Putting a spin on a puzzle.
By Donald E. Simanek

The title of this department defines its content. But sometimes it's not easy to decide which toys, tricks or puzzles to include. Of course, any that are new to me seem appropriate, but a little research may reveal that they are not as novel as I thought. A puzzle that I've never seen may be dismissed as "old hat" by puzzle collectors, who may tell me "Any serious collector will know that one." I may even discover that it was commercially marketed in various forms. A physics demonstration may cause a physics teacher to comment, "That one was discussed in one of the physics journals, oh, maybe 15 years ago," with an implication that "Every physics teacher knows it, so it's not worth discussion." Magic tricks are often marketed, but seldom patented. Anyone who is a bit curious can find out the secrets of both small tricks and large stage illusions with a trip to the library. When you start digging you discover that very few of these things are new, and many have precedents going quite far back in history. So I am resisting dismissive reactions from insiders. What's common knowledge among experts is not necessarily known to the general public, and just might be of interest to quite a few MAKE readers. Some may be inspired to make the devices I discuss here, or something like them, perhaps improving the idea in the process. The rest can skip this and move on to all the other good stuff in this magazine.

Many puzzles are based only on geometry or topology. A few require a principle of physics for their solution, and these have a special appeal for me. I especially like puzzles that have everything out in the open and there are no hidden mechanisms. Naturally I like puzzles that people have constructed with their own hands.

Here's a puzzle shown to me by Mary Nienhuis, a retired high school mathematics teacher. It was made some years ago by Paul Hooker, an industrial arts instructor at West Ottawa High school in Michigan.

The construction is of red heart and hard maple (it says so on the bottom), with a transparent lucite cover that allows you to see two marbles inside, separated by a wooden dowel. The marbles can move on curved ramps that have a depression partway up each slope. The object is to get both marbles to rest in those two depressions—simultaneously. Tilting or shaking the puzzle does no good. You can easily get one marble into its hole, but any attempt to get the other one in just dislodges the first one.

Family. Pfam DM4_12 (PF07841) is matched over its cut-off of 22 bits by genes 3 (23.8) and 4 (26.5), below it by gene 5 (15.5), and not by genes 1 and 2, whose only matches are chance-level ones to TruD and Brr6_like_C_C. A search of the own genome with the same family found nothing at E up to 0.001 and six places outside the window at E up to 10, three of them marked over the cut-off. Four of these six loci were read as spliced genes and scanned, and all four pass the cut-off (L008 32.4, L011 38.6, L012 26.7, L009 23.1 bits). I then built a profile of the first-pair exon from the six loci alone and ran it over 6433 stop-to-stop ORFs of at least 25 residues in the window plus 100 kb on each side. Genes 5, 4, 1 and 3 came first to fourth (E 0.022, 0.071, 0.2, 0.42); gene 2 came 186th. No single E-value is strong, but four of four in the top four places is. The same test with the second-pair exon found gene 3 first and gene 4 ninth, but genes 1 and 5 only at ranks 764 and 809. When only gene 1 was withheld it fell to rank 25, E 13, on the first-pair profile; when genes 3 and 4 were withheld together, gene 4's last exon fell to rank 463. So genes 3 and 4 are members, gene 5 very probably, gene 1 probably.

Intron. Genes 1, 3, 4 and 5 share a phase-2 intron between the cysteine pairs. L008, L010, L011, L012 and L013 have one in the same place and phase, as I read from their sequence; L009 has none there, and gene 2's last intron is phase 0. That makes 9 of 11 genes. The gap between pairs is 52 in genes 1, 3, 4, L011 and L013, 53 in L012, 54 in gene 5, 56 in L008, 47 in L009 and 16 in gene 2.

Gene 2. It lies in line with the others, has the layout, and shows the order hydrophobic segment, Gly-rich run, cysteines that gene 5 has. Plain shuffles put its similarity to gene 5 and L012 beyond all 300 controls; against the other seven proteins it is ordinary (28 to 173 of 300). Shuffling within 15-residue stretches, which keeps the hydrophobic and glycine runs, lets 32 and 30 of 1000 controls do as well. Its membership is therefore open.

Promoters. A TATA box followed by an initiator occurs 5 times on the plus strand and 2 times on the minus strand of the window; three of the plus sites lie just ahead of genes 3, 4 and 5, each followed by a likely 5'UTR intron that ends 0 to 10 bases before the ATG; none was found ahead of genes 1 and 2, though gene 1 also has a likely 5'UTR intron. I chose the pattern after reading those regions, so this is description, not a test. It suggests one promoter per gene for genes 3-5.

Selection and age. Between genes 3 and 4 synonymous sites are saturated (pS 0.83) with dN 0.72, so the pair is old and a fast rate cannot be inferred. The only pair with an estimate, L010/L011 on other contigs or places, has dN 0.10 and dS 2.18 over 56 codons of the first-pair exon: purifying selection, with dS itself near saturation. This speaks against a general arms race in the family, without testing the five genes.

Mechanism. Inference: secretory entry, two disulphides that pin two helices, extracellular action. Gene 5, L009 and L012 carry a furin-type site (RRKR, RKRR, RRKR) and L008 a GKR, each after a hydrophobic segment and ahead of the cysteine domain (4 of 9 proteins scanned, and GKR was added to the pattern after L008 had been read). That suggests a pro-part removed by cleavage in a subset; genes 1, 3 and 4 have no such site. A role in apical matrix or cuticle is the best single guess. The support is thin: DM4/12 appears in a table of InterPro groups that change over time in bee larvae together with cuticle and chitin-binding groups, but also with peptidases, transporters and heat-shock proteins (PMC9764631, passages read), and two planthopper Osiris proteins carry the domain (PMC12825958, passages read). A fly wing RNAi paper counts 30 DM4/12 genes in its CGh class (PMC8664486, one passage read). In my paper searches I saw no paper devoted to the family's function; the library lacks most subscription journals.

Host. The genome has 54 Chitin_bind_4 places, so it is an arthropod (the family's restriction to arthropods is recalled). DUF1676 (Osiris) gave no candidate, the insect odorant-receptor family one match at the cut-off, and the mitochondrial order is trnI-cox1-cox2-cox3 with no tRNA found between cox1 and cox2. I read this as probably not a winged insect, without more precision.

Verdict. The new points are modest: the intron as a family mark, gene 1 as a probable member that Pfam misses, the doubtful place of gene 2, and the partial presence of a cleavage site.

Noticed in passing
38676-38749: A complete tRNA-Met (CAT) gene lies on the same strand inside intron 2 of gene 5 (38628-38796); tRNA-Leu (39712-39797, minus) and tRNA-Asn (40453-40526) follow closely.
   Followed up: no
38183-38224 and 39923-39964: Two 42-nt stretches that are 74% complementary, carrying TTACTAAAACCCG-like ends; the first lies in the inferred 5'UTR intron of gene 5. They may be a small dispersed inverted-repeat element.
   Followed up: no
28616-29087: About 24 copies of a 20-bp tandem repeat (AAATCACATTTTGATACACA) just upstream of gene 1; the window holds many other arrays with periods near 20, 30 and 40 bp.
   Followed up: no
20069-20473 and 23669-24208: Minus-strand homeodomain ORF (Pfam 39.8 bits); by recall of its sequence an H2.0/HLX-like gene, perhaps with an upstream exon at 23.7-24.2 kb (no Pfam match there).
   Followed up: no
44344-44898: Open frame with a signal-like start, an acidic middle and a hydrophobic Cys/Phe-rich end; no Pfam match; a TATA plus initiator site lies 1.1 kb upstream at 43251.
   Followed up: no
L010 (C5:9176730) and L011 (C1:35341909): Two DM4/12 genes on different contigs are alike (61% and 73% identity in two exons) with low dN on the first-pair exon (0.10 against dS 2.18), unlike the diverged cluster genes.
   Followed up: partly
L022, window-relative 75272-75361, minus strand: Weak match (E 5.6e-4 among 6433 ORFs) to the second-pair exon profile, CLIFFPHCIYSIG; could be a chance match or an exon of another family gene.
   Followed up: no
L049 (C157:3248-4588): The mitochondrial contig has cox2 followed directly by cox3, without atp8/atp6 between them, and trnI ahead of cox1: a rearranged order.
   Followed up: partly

Close examination reveals that the dowel in the center goes all the way through the maple piece and protrudes just a bit from the bottom. There it is rounded just a bit. This provides a pivot so that the entire puzzle can be spun, like a top, on a smooth surface, causing the marbles to rise up the ramp and settle into their respective depressions. The puzzle must be constructed so that it is very well balanced about that pivot point.

The protruding dowel.

Spinning for a solution.

This homemade puzzle is the cleanest and most elegant application of this principle that I've seen. So far as I know, this particular design has not been marketed. Anyone who enjoys woodworking can easily make one, or use the idea in other designs.

All Uphill puzzle by Thinkfun.

Quite a few classic puzzles employ spinning as part of their solution. Marketed puzzles of this sort include Skor Mor's "Moses' Cradle", Journet's "Spoophem", and the Adams "Dipsy Ball". Thinkfun's "All Uphill" is still available in a low cost (just a few dollars) plastic version.

Moses' Cradle by Skor-Mor.
Photo by Kennedy How